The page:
Cells collected from 1st SCD patient receiving gene therapy Lyfgenia

After collection, stem cells are treated then infused via stem cell transplant

Andrea Lobo, PhD avatar

by Andrea Lobo, PhD |

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Bluebird Bio has announced it’s completed collecting cells from the first sickle cell disease (SCD) patient receiving the gene therapy Lyfgenia (lovotibeglogene autotemcel), following its recent approval in the U.S.

The cells were collected at Children’s National Hospital in Washington D.C., which is part of the company’s national network of qualified treatment centers. The. centers are selected based on their expertise in cell and gene therapy, transplant, and SCD, and they receive specialized training on how to administer Lyfgenia.

“We are thrilled to be the first center in the country to commercially collect cells from a person living with sickle cell disease and are proud to be the trailblazers in using this new approach,” David Jacobsohn, MD, chief of the division of Blood and Marrow Transplantation at Children’s, said in a company press release. “The recent approval of gene therapies to treat patients with sickle cell is an enormous breakthrough in patient care and a silver lining to families witnessing their children’s struggles with this condition.”

Meanwhile, Minaris Regenerative Medicine, a global cell and gene therapy manufacturer, has announced the first commercial run of Lyfgenia at its facility in Allendale, New Jersey.

“The commencement of commercial manufacturing for Lyfgenia represents an important step for the cell and gene therapy industry as it will allow many patients fighting sickle cell disease to benefit from this new, potentially curative medicine,” Hiroto Bando, PhD, Minaris’ CEO, said in a separate press release.

SCD is caused by mutations in the HBB gene that lead to an abnormal form of hemoglobin, the protein in red blood cells that carries oxygen through the body, being produced. Defective hemoglobin tends to form clumps and causes red blood cells to acquire a sickle-like shape, which are prone to getting stuck inside blood vessels, restricting blood flow and reducing oxygen delivery to tissues. This can lead to episodes of acute pain known as vaso-occlusive crises (VOCs).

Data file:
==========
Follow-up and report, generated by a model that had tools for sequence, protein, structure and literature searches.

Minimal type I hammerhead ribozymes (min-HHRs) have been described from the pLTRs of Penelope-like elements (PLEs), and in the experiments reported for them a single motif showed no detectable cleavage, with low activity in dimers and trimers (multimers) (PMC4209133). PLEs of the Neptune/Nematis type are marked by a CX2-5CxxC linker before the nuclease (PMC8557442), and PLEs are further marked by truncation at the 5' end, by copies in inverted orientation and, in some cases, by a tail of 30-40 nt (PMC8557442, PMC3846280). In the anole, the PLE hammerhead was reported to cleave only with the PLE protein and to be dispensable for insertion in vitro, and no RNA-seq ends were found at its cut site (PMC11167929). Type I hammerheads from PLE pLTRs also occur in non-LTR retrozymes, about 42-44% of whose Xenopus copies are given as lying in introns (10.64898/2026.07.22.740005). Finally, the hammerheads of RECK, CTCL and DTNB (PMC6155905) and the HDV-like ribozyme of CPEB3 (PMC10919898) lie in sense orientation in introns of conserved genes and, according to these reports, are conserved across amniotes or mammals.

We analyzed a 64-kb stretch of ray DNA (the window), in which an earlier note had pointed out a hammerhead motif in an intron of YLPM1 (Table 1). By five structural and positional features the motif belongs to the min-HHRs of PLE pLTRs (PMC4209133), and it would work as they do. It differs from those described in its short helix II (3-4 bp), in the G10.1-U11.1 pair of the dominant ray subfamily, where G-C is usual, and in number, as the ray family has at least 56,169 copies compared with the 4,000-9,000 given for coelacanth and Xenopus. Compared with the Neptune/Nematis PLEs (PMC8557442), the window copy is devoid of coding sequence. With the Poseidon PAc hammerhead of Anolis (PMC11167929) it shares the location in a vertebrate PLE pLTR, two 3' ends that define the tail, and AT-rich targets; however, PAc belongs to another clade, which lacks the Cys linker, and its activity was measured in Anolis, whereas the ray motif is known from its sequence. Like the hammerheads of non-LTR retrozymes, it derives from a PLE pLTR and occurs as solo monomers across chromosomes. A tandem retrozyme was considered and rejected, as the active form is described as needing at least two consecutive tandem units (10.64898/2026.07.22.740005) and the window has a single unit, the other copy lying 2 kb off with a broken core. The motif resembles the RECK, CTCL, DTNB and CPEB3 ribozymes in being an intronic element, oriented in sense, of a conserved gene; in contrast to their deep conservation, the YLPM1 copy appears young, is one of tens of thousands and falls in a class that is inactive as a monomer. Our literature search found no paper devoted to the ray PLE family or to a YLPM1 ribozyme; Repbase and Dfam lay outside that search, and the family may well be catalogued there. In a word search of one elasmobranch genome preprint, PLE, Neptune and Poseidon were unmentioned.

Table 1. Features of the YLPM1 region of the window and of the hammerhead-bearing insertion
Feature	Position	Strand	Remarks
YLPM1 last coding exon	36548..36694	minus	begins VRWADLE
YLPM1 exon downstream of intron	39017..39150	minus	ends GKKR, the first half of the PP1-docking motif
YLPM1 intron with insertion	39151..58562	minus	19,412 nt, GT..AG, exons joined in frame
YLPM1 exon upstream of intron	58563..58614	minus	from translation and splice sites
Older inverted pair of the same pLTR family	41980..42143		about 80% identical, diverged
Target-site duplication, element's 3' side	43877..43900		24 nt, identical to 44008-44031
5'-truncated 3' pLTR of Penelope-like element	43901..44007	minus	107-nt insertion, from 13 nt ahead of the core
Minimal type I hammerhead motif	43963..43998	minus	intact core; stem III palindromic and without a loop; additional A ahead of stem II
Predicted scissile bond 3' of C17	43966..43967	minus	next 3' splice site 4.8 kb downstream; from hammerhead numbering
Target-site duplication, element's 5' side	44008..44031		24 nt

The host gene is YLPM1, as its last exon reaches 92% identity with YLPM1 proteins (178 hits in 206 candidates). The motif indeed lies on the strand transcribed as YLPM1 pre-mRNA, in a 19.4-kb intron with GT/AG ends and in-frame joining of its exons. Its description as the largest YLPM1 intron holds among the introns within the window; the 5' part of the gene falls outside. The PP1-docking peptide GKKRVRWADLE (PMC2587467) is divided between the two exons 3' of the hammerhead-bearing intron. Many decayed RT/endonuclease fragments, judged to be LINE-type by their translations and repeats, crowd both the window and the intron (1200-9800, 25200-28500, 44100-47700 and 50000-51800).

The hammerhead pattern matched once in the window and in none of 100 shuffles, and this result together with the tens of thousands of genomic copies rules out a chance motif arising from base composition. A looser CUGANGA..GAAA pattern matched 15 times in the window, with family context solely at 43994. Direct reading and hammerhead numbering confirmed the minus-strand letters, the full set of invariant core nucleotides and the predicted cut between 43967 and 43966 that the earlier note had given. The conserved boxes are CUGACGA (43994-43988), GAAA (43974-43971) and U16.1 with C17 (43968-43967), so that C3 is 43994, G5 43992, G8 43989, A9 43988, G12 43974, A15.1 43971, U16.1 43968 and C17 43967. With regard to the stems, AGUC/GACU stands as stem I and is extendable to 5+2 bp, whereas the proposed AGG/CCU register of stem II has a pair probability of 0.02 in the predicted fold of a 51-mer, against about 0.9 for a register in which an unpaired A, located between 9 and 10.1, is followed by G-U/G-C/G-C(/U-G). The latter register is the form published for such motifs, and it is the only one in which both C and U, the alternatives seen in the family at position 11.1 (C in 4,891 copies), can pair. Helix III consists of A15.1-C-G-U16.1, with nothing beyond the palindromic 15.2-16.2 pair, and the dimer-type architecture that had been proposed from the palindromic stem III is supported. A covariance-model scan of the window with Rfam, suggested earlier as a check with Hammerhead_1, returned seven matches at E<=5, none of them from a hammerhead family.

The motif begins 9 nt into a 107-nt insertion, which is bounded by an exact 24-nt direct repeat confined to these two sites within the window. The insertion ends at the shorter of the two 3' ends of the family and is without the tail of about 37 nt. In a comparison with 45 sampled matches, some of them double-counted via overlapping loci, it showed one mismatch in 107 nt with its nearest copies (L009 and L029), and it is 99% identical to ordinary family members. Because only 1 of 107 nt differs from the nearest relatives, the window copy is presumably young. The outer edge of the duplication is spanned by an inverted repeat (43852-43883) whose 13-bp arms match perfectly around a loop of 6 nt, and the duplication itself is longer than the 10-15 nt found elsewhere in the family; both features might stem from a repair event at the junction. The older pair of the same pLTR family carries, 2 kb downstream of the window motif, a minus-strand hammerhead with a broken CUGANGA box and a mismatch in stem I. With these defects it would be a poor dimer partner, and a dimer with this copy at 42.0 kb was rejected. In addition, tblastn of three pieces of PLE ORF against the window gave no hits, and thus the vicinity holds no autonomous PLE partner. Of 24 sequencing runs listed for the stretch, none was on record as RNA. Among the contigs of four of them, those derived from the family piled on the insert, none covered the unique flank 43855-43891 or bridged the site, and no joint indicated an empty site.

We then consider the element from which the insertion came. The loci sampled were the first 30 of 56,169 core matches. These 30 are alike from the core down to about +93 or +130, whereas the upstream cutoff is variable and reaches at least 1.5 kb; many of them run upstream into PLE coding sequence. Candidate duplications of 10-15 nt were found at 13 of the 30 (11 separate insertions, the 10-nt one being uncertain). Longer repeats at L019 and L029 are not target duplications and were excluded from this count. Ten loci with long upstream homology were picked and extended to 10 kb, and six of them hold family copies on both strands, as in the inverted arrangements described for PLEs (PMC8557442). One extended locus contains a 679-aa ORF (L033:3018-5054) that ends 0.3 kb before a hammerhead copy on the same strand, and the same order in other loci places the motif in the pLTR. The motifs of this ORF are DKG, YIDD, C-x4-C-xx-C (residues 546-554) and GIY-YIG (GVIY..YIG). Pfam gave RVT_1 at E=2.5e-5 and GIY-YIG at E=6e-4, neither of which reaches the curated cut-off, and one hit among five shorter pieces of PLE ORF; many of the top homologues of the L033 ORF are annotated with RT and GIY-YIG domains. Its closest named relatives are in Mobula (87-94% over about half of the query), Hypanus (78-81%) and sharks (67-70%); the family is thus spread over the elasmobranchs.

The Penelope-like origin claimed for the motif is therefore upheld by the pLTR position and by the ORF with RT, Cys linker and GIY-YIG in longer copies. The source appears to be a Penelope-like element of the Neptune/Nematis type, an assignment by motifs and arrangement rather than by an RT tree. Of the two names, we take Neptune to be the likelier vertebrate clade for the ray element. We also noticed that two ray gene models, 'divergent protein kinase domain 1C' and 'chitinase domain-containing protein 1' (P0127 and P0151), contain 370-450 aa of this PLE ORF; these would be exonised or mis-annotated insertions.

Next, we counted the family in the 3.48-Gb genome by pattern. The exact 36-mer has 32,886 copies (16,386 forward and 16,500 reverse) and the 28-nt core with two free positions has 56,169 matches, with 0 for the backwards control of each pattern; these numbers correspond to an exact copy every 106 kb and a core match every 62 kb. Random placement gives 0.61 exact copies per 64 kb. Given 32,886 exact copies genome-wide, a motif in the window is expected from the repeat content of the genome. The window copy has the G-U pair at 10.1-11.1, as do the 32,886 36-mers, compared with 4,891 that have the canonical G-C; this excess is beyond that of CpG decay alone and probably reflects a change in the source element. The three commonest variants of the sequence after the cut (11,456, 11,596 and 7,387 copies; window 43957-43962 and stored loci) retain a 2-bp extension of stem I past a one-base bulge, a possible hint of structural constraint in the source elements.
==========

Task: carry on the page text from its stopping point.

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How does Lygenia gene therapy work?

Lyfgenia is a one-time gene therapy approved last year by the U.S. Food and Drug Administration for SCD patients, ages 12 and older, with a history of vaso-occlusive events (VOEs), including VOCs and other sickle cell-related complications. It’s designed to provide patients with a modified HBB gene that produces a form of hemoglobin, called HbAT87Q, which is resistant to clumping.

The treatment involves collecting patients’ hematopoietic stem cells, or blood cell precursors, and treating them with Lyfgenia before infusing them back into the patient via a stem cell transplant. Before the transplant, patients must undergo a round of chemotherapy to eliminate faulty blood stem cells.

After the transplant, red blood cells generated from the engineered stem cells should produce the anti-sickling hemoglobin, limiting red blood cell sickling and potentially reducing the frequency and severity of VOEs.

Lyfgenia’s approval was based on efficacy data from 36 patients, ages 12-50, who entered the completed Phase 1/2 HGB-206 trial (NCT02140554), where all received the gene therapy.

Of 32 patients evaluated for the trial’s main efficacy goals, 30 (94%) had no severe VOEs and 28 (88.2%) had no VOEs after the treatment.

Safety data obtained for 54 patients who initiated the process of cell collection showed the most common side effects were inflammation of the lips, mouth, and throat, and low levels of blood cells.

The company is also conducting the Phase 3 HGB-210 trial (NCT04293185), which is evaluating the efficacy of the gene therapy in about 35 SCD patients, ages 2-50. The trial is ongoing.

A long-term safety and efficacy follow-up study, LTF-307 (NCT04628585) is also underway. It’s open to SCD patients treated with Lyfgenia in previous clinical studies sponsored by the company. The study will follow the participants for 13 additional years.

“Seeing people living with sickle cell disease receive gene therapy in the real world is a vision that has fueled Bluebird for more than 10 years,” said Andrew Obenshain, Bluebird’s president and CEO. “This historic moment comes nearly a century after sickle cell disease was the first genetic disorder to be characterized at the molecular level and almost a decade after Bluebird initiated clinical development for Lyfgenia. We are grateful to the patients, caregivers, researchers, and clinicians whose work made this milestone possible, and look forward to continued partnership with the sickle cell disease community.”